const buffer = canvas.toBuffer("image/png");
fs.writeFileSync("./image.png", buffer);

Run it again, then open up the resulting image.png file.

Text Centered

That’s great! Our title is pretty long, so it’s broken down into two lines. The second line is still too long, so the formatTitle helper added ellipses at the end of it.

Try changing the title to something between 20 and 40 characters, then run the script again and see what happens.

Draw and Save Images

Notice that the line broke after “save” and not after “images” as it had with the full title. This is because the formatTitle function is trying to be smart, and if the title is between 20 and 40 characters, it’s going to make the lines similar in length so we (hopefully) don’t get a bad break. It’s not perfect by any means, but it’s solving these simple cases.

If we shorten it even further, we can get the title all on one line.

Single Line of Text

Okay! We’re making progress. 😅

Adding a byline

Let’s move on to add the byline with the author name.

const { createCanvas } = require("canvas");
const fs = require("fs");

const { formatTitle } = require("./utils/format-title");

// Add author name to the post object. (Notice that I
// put the title back to the original.)
const post = {
  title: "Draw and save images with Canvas and Node",
  author: "Sean C Davis",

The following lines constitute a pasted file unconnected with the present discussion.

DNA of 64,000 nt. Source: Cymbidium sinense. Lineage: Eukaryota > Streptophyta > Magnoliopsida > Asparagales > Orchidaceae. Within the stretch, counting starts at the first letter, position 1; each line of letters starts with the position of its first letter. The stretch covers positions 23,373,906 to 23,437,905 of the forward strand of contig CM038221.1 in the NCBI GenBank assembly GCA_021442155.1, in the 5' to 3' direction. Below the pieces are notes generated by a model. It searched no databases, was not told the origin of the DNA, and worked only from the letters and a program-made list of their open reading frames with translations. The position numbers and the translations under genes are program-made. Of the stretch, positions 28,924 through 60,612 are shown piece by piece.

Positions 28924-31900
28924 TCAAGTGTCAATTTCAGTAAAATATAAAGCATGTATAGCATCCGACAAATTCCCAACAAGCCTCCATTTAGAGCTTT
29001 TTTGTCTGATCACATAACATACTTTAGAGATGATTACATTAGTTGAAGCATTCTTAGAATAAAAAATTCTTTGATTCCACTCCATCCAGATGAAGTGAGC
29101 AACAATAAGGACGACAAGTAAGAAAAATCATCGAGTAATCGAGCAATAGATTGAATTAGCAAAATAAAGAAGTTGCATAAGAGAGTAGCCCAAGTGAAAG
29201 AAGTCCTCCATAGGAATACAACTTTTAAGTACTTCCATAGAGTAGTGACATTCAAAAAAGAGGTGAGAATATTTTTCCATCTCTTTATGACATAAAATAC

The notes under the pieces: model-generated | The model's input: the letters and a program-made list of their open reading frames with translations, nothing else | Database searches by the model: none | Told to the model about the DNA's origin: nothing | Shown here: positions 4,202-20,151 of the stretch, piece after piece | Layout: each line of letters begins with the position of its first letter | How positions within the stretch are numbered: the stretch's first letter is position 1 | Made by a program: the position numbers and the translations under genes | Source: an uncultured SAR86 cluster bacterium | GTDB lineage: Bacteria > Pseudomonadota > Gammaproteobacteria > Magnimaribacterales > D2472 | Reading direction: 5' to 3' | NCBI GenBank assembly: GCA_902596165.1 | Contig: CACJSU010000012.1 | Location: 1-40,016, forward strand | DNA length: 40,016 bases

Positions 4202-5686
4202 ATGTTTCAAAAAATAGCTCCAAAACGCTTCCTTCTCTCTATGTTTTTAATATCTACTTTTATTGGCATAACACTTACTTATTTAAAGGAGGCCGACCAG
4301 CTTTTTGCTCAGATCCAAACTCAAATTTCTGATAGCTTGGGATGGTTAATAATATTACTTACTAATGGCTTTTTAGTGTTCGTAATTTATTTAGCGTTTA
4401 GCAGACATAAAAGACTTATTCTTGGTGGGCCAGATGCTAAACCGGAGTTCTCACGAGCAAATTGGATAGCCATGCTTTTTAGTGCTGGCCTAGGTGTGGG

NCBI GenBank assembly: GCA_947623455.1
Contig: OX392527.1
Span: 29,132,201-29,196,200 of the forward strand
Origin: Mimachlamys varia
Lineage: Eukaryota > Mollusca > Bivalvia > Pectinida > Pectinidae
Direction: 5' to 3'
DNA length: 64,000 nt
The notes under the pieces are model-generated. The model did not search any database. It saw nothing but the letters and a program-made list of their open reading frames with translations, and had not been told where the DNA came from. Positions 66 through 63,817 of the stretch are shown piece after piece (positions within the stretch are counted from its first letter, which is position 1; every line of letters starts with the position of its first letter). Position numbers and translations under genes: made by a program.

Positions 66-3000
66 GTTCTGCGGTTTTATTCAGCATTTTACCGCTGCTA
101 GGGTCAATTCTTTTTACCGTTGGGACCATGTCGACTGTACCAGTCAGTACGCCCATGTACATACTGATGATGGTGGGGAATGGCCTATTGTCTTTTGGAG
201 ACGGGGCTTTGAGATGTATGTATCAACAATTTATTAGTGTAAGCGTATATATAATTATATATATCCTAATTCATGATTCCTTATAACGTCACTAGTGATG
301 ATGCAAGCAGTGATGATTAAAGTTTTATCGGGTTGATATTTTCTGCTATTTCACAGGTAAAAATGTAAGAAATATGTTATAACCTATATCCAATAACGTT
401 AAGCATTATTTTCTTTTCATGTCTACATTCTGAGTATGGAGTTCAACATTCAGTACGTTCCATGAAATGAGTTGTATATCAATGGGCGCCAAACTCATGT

};

const width = 1200;
const height = 627;
const titleY = 170;
const lineHeight = 100;
const authorY = 500;

const canvas = createCanvas(width, height);
const context = canvas.getContext("2d");

context.fillStyle = "#764abc";
context.fillRect(0, 0, width, height);

context.font = "bold 70pt 'PT Sans'";
context.textAlign = "center";
context.fillStyle = "#fff";

const text = formatTitle(post.title);
context.fillText(text[0], 600, titleY);
if (text[1]) context.fillText(text[1], 600, titleY + lineHeight);

// Render the byline on the image, starting at 600px.
context.font = "40pt 'PT Sans'";
context.fillText(`by ${post.author}`, 600, authorY);

const buffer = canvas.toBuffer("image/png");
fs.writeFileSync("./image.png", buffer);

Run it again.

Byline Added

This is starting to look like something we can use!

Adding a logo image

Let’s round it out by adding a logo. We’re going to have to make a few logical changes here. First, add a logo to assets/logo.png. Here’s the one I used for this example.

Note: I made the image 800px wide because we’re rendering it at 400px and it’ll still look crisp on higher DPR screens. You may want to go larger or smaller based on the image you’re using.